Thu, Dec 09, 2010 - Page 8 News List

Reading the tea leaves from Nov. 27

By Lin Cho-shui 林濁水

The election-eve shooting of Sean Lien (連勝文) notwithstanding, the Chinese Nationalist Party (KMT) still lost the overall vote in the recent five special municipality elections by about 400,000 votes.

Some people believe the shooting benefited the KMT in the north, and harmed the Democratic Progressive Party (DPP) in the south, but this was not borne out by a Global Views Monthly magazine survey. Experience suggests the DPP generally does better in elections than pre-election opinion polls say, but in these elections the party performed slightly worse than the Global Views survey predicted. Su Tseng-chang (蘇貞昌), the DPP candidate for Taipei City, got 5.5 percentage points less than forecast, while DPP Chairperson Tsai Ing-wen (蔡英文) in Sinbei City, Su Jia-chyuan (蘇嘉全) in Greater Taichung, William Lai (賴清德) in Greater Tainan and Kaohsiung Mayor Chen Chu (陳菊) in Greater Kaohsiung fell behind by 3.7 points, 0.5 points, 2.1 points and 2.8 points respectively.

Beijing will claim, as the government here has done, that the Taiwanese have little to be unhappy about — this year’s economic growth rate is at a 20-year high, possibly due to economic integration with China after the signing of the Economic Cooperation Framework Agreement (ECFA). During the election campaign, the DPP avoided the issue of independence. Could it be because it realized that discussing the current cross-strait situation would help the KMT? So, why did the latter still lose the popular vote?

The two main parties may well have kept quiet about cross-strait issues, but that didn’t stop it from being the dominant undercurrent in the elections.

The first reason for this is the high degree of cross-strait economic integration. This, coupled with the hollowing out of industry in Taiwan as manufacturers relocate to China, has meant unemployment and salary stagnation here, and bigwigs getting positions in China while small stores in Taiwan watch their business shrink. Consequently, the general public doesn’t see the actual benefits of this GDP growth.

From 1991 to 2007, income from labor as a percentage of GDP fell from 51.4 percent to 44 percent. A drop of this magnitude has not been seen anywhere else in the world. In the last three years, of the four Asian tigers, Taiwan and Hong Kong have trailed Singapore and South Korea in average GDP growth and rate of employment. Discernible in this undercurrent is a sea change in the political topography in Taiwan.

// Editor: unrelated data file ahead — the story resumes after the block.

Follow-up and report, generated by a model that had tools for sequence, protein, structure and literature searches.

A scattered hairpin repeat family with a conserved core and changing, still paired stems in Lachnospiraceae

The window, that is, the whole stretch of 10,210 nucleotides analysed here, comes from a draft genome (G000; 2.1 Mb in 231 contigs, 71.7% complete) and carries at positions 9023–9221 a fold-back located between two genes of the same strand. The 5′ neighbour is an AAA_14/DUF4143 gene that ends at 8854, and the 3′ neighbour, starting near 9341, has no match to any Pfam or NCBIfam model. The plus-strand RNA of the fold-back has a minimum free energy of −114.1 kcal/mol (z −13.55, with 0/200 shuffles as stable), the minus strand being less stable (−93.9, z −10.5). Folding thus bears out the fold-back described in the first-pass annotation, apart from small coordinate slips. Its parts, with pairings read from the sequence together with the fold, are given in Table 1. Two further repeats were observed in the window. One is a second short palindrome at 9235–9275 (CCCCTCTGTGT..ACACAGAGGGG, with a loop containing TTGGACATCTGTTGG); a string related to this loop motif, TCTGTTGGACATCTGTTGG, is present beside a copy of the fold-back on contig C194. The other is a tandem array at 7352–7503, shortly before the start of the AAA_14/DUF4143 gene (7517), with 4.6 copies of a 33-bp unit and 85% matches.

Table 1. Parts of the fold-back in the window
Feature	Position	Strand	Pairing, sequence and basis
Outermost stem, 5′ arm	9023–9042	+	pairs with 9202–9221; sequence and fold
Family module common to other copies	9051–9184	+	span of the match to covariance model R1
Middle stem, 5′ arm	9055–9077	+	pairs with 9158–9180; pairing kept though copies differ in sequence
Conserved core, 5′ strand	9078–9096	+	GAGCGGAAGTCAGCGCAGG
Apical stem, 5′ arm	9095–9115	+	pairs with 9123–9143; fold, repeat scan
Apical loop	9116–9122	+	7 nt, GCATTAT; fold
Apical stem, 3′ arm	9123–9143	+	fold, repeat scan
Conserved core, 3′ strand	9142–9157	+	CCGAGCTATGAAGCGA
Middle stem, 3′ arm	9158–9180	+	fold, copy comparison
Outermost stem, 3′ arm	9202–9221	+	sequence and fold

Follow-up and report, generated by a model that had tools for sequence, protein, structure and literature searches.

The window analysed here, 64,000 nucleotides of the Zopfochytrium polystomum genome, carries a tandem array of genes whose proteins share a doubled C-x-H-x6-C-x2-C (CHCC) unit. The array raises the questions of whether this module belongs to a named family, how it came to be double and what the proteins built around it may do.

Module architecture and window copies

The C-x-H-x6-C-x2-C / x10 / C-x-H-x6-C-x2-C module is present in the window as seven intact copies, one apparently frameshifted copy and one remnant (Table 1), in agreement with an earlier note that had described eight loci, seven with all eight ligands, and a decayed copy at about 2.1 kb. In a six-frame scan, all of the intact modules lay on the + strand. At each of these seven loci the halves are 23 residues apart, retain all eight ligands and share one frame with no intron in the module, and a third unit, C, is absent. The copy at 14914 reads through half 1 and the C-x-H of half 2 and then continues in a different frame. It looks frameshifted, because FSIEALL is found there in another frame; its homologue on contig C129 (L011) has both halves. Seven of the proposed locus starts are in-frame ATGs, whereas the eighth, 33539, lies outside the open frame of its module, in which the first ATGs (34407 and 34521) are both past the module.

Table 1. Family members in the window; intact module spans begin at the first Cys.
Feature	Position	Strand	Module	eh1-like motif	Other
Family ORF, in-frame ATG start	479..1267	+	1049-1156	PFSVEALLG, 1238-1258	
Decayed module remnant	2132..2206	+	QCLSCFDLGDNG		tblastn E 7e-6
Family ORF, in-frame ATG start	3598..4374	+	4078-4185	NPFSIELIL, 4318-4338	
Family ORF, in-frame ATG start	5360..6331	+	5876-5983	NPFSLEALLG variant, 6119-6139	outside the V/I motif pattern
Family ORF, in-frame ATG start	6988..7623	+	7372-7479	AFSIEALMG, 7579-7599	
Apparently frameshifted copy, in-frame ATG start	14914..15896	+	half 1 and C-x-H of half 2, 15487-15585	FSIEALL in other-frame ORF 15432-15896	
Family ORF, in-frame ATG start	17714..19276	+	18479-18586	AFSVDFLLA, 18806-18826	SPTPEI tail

The second reason was a function of the Taiwanese collective consciousness. When the Asian Taekwondo Union’s (ATU) technical delegate Zhao Lei (趙磊), who happens to be from China, spoke out against Taiwanese athlete Yang Shu-chun (楊淑君) in the Asian Games in Guangzhou recently, the KMT thanked him, and this did considerable damage to the pan-blue camp.

In these elections we saw the KMT having to deal with yet another crisis: the significant weakening of local factions. In the past, even if the DPP won in county commissioner or mayoral elections, the KMT still had an overwhelming advantage in the county and city councilor elections.

Things were different this time around. In this election the votes were spread 38.6 percent to 35.34 percent, translating to 130 seats each. The KMT used to be able to get at least 60 percent of the village chief seats: This time it was able to secure less than a third of the seats and the overall vote. In another link in the local factions network — the urban and rural townships and the cities — these local factions have stayed away from the elections, leading to an unprecedented crisis in the KMT’s core support.

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